The silence closed round me again and I began to walk about the flat simply to create some kind of movement. Consciously I avoided the sitting room; I didn’t feel I could face the still figure by the fire. I opened the door of the bedroom and looked inside. Everything was immaculately tidy. Even in her eighties and hampered by ill health, Miss Graham kept up the standard of housekeeping that she had evidently learned from her rather formidable mother. The bed was covered with a fine patchwork quilt (I remembered Miss Graham working on it over the years). The dressing table, with its embroidered mats, was innocent of any cosmetics and held only a silver-backed brush and mirror, a photograph of old Mrs Graham, a bottle of Yardley’s lavender water and an old-fashioned ring-tree. There was a kettle and a tea-tray by the bed, a book (Rebecca by Daphne Du Maurier) and a bottle of tablets. I wandered out into the kitchen. Here too everything was spick and span. The work surfaces were clear except for matching storage containers and a wooden bread bin, so unlike my own clutter of jars, half-empty packets and old cat and dog dishes! The sink was spotless, the dishcloth wrung out and carefully spread over the taps and a washed cup, saucer and plate upended to dry on the draining board. A sudden humming noise made me jump, but it was just the motor of the refrigerator starting up. While I was still in this nervous state the front doorbell rang and I greeted Dr Barton rather incoherently. He stared at me curiously as I haltingly explained how I had let myself into the flat and had found Miss Graham dead.
I’ve known Dr Barton for years. He was one of Peter’s clients, but neither of us liked him very much, since he is an austere, humourless man, with a precise manner. He’s as well known in the town for his finicky obsession with detail, with a meticulous adherence to the last letter of the law, as he is for his meanness and love of money. It was presumably the latter that had brought him in to cover for Dr Cowley, a man whom he personally disliked and whose methods he had been known to criticize. Glad though I was not to have had to face the oleaginous Dr Cowley in this distressing situation, I felt chilled and repelled by the sight of Dr Barton’s gaunt figure and severe manner.
He cut short my disjointed remarks with a terse, ‘Yes, yes,’ and going towards the sitting room said, ‘She’s in here, is she?’
I followed him in reluctantly.
‘Has that fire been on for long?’ he asked me sharply. ‘I don’t know,’ I replied. ‘It was on when I got here and the room was quite warm then.’
He moved across and felt for the pulse as I had, and laid his hand on her forehead.
‘Difficult to tell how long she’s been dead, since the room is so warm.’ He looked at me accusingly, as if it was somehow my fault.
‘She was alive this morning,’ I said. ‘She telephoned to ask if I’d come and see her.’
‘Yes. Right.’ Dr Barton began examining the body so I went out into the kitchen again and wandered aimlessly about, peering into the refrigerator (almost empty), opening and shutting drawers (splendidly tidy), turning a dripping tap off more tightly, and generally fidgeting about until Dr Barton called to me from the sitting room.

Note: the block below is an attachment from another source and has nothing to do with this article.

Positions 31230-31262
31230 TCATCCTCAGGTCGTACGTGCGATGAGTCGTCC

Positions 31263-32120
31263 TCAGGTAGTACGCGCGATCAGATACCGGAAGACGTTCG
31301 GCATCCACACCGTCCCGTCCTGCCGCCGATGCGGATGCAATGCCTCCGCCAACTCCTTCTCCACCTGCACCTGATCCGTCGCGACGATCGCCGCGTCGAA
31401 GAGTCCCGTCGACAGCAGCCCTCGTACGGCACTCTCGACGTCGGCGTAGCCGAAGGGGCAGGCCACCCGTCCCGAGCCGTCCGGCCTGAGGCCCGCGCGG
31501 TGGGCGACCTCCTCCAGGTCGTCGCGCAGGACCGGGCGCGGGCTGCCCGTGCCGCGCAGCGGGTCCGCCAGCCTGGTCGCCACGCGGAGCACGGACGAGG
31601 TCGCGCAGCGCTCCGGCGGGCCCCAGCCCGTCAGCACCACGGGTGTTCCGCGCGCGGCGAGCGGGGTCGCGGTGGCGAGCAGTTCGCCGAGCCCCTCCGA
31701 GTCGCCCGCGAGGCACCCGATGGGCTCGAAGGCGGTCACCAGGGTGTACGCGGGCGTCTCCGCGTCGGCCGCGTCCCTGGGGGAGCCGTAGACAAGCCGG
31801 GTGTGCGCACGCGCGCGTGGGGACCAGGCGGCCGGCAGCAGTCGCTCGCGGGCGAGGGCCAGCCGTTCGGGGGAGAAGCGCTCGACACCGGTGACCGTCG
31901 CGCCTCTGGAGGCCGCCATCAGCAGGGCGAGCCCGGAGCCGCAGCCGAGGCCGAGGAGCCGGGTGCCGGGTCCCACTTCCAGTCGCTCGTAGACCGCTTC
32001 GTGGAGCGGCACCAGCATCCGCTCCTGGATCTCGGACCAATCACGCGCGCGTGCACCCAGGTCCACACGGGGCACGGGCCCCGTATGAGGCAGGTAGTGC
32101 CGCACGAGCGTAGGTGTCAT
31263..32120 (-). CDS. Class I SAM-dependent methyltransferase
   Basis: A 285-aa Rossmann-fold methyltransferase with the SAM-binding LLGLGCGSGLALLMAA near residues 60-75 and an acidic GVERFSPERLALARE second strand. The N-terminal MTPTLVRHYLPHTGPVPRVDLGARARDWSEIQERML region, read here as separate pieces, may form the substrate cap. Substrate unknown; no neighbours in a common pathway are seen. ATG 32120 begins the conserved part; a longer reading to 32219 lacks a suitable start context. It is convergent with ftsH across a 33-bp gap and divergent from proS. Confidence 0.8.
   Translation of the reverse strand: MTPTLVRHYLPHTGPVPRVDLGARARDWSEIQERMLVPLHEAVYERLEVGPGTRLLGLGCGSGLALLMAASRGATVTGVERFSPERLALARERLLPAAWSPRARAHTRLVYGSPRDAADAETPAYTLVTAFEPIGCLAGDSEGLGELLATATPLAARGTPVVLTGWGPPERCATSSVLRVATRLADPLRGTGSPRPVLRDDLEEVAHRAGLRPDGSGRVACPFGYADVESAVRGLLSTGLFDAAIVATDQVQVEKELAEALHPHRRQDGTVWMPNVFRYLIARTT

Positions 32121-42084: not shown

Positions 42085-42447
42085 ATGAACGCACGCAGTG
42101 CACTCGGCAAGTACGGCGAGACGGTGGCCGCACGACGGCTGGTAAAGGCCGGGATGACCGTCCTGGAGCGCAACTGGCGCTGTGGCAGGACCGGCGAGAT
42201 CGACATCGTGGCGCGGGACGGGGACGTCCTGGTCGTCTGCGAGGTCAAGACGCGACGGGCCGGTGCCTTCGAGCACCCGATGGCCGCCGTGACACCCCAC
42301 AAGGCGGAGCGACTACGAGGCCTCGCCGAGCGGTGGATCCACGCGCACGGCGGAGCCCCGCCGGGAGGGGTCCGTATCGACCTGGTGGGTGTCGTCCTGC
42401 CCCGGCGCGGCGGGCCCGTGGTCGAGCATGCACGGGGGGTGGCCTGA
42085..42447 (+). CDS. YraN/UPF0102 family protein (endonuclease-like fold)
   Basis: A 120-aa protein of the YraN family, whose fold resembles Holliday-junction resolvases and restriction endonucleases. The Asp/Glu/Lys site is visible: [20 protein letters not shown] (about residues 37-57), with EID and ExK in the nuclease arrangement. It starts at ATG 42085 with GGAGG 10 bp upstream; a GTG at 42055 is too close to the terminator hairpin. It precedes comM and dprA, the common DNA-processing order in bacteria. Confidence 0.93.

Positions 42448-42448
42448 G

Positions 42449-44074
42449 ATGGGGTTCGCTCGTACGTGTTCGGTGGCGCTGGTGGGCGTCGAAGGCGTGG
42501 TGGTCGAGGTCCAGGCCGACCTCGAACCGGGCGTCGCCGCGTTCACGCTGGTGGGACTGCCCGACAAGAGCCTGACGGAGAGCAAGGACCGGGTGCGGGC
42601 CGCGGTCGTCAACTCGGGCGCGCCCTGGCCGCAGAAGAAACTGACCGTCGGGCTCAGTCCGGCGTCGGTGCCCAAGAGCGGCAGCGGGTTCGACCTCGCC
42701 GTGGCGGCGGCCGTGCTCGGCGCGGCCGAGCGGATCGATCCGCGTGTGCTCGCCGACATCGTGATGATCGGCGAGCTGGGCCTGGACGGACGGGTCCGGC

‘Mrs Malory,’ he said as I went into the room, ‘do you know if Miss Graham had seen Dr Cowley in the last few days?’
‘I don’t know,’ I answered. ‘I shouldn’t think so. I mean, she hadn’t been ill or anything. She sounded perfectly all right this morning. I suppose it was a heart attack?’
‘That I am not in a position to say,’ he replied reprovingly. ‘But if she didn’t see her general practitioner within the last forty-eight hours then there will have to be a post-mortem.’
He spoke with a certain grim satisfaction, as if he was delighted that Dr Cowley would be inconvenienced by the bureaucratic process.
‘There is no need for you to remain,’ he continued. ‘No doubt you have things you wish to attend to. I will do all that is necessary here.’
‘Oh, well, thank you, that would be kind. I’ve got the dogs outside and they’ll be getting a bit restless, you know how it is …’ My voice trailed away in the face of his barely concealed contempt for people who kept animals and I picked up my handbag and shopping bag, in the bottom of which the now unneeded pot of jam rolled about forlornly, and prepared to leave.
‘Just one more thing,’ Dr Barton said. ‘Are there any relatives?’
‘Just a nephew,’ I replied. ‘I tried to ring him while I was waiting for you, but he’s got flu. I’ll try again this evening when his wife’s in.’
‘He should be informed. Thank you, Mrs Malory.’
Thus dismissed, I made my way slowly out of the flat. The air struck cold but I welcomed the boisterousness of the wind as something positive and alive. I was shaken and upset, finding poor Miss Graham like that, and chilled by Dr Barton’s bleakness and lack of warmth and human sympathy. As I approached the car the two dogs started to bark and when I opened the door they greeted me with a frenzied excitement that suddenly brought tears to my eyes. I drove down to the sea front and we all three ran like mad things as fast as we could along the beach.